Happy Monday, everyone. I was looking through my files on Thanksgiving, and remembered this post from last year. So, I’m reposting it. I wish I could, but I can’t take credit for writing this. It’s a “Frappuccino Fun with Amy” re-post. For other great holiday ideas, look through my sidebar categories and click on “Frappuccino Fun with Amy.”
Hope this blesses you as much as it has me – as we prepare our homes and our hearts for Thanksgiving. 🙂
O Give Thanks to the Lord for He is Good!
Thanksgiving is just over one week away. Are you ready? Each year I host the meal for our family. It’s usually around 15 – 20 people. If you are the host in your family, I feel your pain! Do you slave for days and in one short hour, everyone is full, and you are left with a huge mess?
There are oh, so many things that can be done before Thanksgiving Day to make the day more enjoyable for you. The true secret of enjoying a busy holiday lies in the preparation. This week my post is about preparing your food, preparing your table, and preparing your heart.
Preparing your Food:
Sit down and think through your shopping. Don’t be like the people that go to the grocery store everyday during the week of Thanksgiving, and stay so mad at themselves for being so unorganized. Do your shopping on Monday or before, if possible. Make sure you take your list. You don’t want to be near a grocery store after Tuesday afternoon of Thanksgiving week.
Now that you have all of your supplies, make a few dishes in advance. You can make many casseroles and all your pies ahead of time. By doing this, you free up a lot of mess, and a lot of oven space. If you don’t have a double oven, you have to be systematic. You can’t cook everything at once on Thanksgiving Day. So, as the Boy Scouts would say, “Be Prepared.”
Preparing your Table:
Next, think about your table. There are so many stores that have beautiful Thanksgiving paper goods…. What did I say??? Paper Goods??? YES! You bet!!! Your table can be beautiful and easy for cleaning. Not only are we women limited by oven space, we are also limited by dishwasher space. If you absolutely can not bear the thought of using paper goods at Thanksgiving, at least buy dessert plates and cut down on part of the mess.
If you are eating at a table that is not used daily (like your Dining room table), set it before Thursday. As your centerpiece, use something that is low, and won’t have to be removed from your table during dinner. Ex: leaves, pinecones, pumpkins, and gourds. (If you have a Hobby Lobby in your town, right now, all fall décor is 80% off!) Stick a few short candles in the middle of your “fall foliage”, and there you have a beautiful centerpiece that hasn’t broken the bank.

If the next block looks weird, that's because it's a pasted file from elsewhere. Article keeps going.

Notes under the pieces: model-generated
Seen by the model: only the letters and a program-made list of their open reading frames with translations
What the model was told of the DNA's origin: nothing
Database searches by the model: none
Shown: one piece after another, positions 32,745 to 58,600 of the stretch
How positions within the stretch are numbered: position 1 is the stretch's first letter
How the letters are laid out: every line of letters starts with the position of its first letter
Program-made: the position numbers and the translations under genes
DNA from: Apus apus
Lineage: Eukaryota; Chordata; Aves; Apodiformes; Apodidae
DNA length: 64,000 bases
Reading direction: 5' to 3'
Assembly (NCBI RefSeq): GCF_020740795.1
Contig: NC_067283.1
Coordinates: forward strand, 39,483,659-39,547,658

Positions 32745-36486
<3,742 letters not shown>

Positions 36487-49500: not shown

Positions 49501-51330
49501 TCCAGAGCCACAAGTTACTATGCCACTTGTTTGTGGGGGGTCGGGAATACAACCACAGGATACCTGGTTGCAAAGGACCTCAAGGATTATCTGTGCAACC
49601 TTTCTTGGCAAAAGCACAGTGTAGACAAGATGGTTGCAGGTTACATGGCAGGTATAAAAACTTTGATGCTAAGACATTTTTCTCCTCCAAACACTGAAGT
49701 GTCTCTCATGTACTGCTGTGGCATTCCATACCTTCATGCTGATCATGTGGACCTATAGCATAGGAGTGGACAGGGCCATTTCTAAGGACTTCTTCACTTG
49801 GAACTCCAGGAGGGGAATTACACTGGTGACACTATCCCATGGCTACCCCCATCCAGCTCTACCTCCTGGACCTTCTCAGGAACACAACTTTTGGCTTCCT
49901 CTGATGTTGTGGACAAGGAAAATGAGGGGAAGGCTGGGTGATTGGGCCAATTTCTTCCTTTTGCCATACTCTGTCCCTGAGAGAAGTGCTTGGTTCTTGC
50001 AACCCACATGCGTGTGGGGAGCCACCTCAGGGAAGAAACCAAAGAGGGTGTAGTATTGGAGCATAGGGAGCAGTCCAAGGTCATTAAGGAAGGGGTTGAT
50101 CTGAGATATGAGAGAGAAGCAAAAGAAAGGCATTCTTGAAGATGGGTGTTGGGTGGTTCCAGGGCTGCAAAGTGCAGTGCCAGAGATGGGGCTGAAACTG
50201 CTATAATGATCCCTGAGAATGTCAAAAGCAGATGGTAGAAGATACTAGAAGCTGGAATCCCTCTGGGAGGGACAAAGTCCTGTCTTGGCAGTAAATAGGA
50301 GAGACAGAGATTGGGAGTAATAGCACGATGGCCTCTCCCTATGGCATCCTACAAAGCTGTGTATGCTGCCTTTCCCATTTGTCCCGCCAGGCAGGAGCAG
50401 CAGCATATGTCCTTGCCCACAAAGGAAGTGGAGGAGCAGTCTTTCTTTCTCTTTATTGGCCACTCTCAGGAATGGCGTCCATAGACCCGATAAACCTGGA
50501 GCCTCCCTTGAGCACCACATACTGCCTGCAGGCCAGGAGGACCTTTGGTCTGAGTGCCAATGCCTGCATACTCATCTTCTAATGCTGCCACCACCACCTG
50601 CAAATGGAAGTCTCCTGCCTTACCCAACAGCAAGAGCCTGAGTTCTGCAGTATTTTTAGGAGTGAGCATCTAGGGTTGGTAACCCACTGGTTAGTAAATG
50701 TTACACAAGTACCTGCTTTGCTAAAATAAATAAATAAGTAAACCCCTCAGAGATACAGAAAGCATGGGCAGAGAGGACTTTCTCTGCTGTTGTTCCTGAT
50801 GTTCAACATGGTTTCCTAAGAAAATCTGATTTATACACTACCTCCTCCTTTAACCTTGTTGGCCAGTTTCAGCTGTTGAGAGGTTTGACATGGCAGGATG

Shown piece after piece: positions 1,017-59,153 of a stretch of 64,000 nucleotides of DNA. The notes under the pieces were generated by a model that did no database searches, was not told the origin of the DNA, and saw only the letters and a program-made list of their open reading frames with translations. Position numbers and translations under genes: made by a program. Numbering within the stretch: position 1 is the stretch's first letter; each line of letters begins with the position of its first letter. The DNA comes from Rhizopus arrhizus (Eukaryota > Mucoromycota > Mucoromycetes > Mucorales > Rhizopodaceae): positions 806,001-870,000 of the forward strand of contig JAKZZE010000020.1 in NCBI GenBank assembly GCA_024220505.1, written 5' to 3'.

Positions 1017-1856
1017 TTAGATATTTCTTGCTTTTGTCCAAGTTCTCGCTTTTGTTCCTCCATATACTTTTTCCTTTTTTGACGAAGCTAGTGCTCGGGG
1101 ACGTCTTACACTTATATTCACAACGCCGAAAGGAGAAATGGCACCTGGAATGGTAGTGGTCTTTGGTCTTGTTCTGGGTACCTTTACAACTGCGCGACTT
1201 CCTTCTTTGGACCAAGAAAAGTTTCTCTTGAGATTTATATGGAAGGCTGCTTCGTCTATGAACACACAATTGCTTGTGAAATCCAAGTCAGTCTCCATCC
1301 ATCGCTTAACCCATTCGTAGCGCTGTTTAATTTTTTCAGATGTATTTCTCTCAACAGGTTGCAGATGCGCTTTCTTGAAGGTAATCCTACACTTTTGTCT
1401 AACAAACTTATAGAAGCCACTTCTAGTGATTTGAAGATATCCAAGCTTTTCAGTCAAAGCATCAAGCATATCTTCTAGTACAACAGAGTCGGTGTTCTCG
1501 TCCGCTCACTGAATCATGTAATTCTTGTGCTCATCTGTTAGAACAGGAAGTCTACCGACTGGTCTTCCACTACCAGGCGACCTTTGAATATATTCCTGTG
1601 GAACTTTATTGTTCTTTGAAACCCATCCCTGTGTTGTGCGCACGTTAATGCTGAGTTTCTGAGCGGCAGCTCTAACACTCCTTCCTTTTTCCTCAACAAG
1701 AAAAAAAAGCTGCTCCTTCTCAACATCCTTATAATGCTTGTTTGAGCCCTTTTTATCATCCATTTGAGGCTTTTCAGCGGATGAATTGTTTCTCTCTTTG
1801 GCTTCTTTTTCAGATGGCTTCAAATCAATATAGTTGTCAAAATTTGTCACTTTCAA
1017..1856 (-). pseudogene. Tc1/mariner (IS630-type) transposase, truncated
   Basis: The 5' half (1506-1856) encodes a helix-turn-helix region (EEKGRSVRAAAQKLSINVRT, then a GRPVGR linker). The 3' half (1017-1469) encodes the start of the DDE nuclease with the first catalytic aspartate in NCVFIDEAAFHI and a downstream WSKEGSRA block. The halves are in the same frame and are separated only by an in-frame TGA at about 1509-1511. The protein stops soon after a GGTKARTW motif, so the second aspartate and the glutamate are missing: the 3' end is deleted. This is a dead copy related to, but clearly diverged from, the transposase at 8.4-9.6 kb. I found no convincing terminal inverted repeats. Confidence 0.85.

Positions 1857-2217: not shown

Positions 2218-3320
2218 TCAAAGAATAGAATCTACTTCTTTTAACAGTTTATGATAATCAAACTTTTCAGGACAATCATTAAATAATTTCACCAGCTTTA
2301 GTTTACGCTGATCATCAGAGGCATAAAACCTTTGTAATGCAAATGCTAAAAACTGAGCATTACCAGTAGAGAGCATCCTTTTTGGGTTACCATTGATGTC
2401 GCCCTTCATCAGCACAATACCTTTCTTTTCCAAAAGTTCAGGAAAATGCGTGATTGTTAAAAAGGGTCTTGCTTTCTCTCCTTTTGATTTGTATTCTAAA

You can even make cute little place cards for all those who will be attending. As you walk around your table placing these cards, you can pray for each person and thank God for their place in your life.
Preparing your Heart:
As the hostess, you have the very important responsibility of setting the tone in your home on Thanksgiving Day. If you are stressed and grouchy, and cook your meal in a begrudging manner – like it’s your greatest inconvenience – then that is the type of day you will have.
You can either poison the day for all the people you love, or you can choose to make your home a haven of thankfulness for everyone to enjoy.
While you clean your house, and prepare for your guests, think about this question: “What am I thankful for?” For me, what I meditate on usually dictates my attitude.
A few of our family traditions:
When our family gathers for Thanksgiving dinner, we usually read a Psalm of thanks then hold hands in prayer. If you do this, some of your guests may not be comfortable with this tradition. But remember, this may be a perfect time to gently share your faith to those you love.
After dinner, while having dessert, we play the Thankfulness Game. I use fake leaves from the store (either silk or paper), and write a letter on each leaf, spelling the word THANKSGIVING. Each person picks a leaf and says something they are thankful for that corresponds with the letter on the leaf.
We started this tradition when our children were very young. And to this day (now my boys are 13 & 16) they still ask if we’re going to play the Thankfulness Game. Sometimes the smallest family traditions mean so much to our children. Often it becomes very humorous, and sometimes it’s serious, but either way, it’s a fun way to have meaningful conversation. (If you’re organized enough, you could keep a list from year to year, and store it with your fall decor.)
So between now and next Thursday, be like a good “Thanksgiving Boy Scout”, and BE PREPARED.